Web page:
After making payments every month for the past 22 years, a good friend will achieve a major financial goal next month: he will be making his last mortgage payment. His house will be paid off, giving him complete ownership of his most important asset. He plans to celebrate this achievement by taking his family out to dinner and will explore the possibility of a European vacation.
I am happy for my friend and a celebration is certainly in order. But after the initial celebration, he must answer a tough question: How should he save and invest the money that has been going toward house payments for all these years?
Most people who have paid off their mortgage haven’t given much thought or done much research about this question. And it’s hard to blame them. Most of us are focused on grinding it out and making our mortgage payments month after month, year after year. If anything, we’re concerned about some unplanned expense hitting our budgets and causing us to fall behind. The idea of never having to make another mortgage payment almost seems like a fantasy.
But once you are fortunate enough to reach this goal, it’s critical to have a plan to save and invest this extra cash. As always, start by determining your goals. Do you want to save more money for retirement? If you plan to keep working for several more years, do you want to save for something special, such as a greenhouse in the backyard or a condo on the beach?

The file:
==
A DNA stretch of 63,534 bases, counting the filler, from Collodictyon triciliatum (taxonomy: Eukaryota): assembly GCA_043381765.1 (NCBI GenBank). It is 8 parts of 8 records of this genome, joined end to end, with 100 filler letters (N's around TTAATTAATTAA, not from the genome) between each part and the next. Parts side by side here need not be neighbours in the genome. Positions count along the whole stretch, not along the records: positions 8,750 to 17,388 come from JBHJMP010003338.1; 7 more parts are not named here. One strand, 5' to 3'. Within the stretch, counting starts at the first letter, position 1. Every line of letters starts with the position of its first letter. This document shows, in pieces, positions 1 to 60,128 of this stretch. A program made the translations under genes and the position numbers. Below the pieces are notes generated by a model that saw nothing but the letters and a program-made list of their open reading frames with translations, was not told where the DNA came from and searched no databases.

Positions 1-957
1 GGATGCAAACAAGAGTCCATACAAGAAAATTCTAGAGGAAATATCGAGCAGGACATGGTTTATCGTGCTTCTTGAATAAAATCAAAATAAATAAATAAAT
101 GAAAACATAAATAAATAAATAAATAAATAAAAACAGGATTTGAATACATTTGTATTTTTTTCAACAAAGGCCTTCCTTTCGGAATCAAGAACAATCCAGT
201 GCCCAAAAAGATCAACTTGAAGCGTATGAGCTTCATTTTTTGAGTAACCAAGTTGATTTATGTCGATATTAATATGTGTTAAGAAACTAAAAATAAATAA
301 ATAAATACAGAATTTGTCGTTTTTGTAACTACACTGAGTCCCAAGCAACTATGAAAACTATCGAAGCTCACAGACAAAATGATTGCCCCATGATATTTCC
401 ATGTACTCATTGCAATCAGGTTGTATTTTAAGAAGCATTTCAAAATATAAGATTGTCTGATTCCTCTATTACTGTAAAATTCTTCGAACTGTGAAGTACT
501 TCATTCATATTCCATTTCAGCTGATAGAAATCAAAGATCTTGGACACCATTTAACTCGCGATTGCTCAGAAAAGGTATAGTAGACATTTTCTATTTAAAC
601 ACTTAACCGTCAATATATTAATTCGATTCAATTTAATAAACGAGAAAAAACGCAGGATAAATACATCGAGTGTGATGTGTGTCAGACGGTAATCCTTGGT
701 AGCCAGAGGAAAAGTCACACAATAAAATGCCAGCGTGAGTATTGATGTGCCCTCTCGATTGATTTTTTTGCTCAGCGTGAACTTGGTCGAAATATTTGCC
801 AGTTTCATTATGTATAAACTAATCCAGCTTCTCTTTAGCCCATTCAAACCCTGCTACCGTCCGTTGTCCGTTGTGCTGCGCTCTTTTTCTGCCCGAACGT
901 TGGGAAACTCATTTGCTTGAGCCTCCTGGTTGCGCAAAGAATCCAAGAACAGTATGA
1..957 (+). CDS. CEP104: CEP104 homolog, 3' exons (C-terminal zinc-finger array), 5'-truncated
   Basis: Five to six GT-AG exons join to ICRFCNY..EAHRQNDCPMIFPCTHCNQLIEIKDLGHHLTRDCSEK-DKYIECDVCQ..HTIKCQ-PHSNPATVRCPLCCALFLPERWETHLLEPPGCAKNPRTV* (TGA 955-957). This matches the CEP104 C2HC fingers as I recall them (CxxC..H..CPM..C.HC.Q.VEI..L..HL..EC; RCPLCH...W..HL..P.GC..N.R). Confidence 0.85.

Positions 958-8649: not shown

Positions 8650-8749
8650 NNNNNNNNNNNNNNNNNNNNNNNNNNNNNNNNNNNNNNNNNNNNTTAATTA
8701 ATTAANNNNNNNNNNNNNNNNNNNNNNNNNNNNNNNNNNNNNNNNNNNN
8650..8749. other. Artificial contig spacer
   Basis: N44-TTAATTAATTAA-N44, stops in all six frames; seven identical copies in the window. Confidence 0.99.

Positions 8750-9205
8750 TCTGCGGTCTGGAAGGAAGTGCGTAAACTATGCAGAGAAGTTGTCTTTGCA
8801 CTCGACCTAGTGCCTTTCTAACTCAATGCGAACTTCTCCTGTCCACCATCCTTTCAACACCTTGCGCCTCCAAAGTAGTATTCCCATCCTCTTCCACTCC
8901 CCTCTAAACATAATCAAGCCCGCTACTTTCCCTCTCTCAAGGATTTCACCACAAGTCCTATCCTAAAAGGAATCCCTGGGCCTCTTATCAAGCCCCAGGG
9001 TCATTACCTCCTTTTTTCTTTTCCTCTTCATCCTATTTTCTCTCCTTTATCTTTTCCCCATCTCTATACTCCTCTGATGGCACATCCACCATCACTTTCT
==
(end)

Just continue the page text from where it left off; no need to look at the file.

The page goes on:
Or should you set aside some cash to help your adult children purchase a home or start a college savings account for your grandchildren?
Once you determine your goals, here are some potential savings and investment strategies to consider:
- Invest the maximum amount of money in your 401(k) retirement savings plan. Right now the maximum contribution for each person is $17,500 annually. If you are 50 years old or older, however, you are also allowed to contribute an additional $5,500. So simply putting away the maximum amount over the next five years can add up quickly.
- Consider purchasing long-term care insurance. Incorporating long-term care into a financial plan can help protect your assets. If you don’t think you’ll need some sort of care in old age, think again. The U.S. government reports that 70 percent of people who reach age 65 will require long-term care services at some point. Speak with a financial adviser or insurance professional about the right amount of coverage for you and your spouse.
- Save some money for home maintenance. You may not have to make monthly mortgage payments, but if you’re going to live in the home, you still have to take care of it. Homeowners know that even routine maintenance can cost several hundred dollars annually and one major improvement, such as a new furnace or air conditioning unit, will run several thousand dollars. So make sure to continue to save and budget for these expenses.
- Finally, consider a cutback in lifestyle. The immediate reaction when we come into some extra money is to splurge and not keep a close eye on our budget. Instead, now is a good time to consider reducing expenses on key items. For example, if you have a large or older car, think about buying a smaller car that doesn’t require as much gasoline. And, if you see the need for a new car in the next two years, start budgeting for it now. It will make that purchase much less costly when the time comes to replace your current car.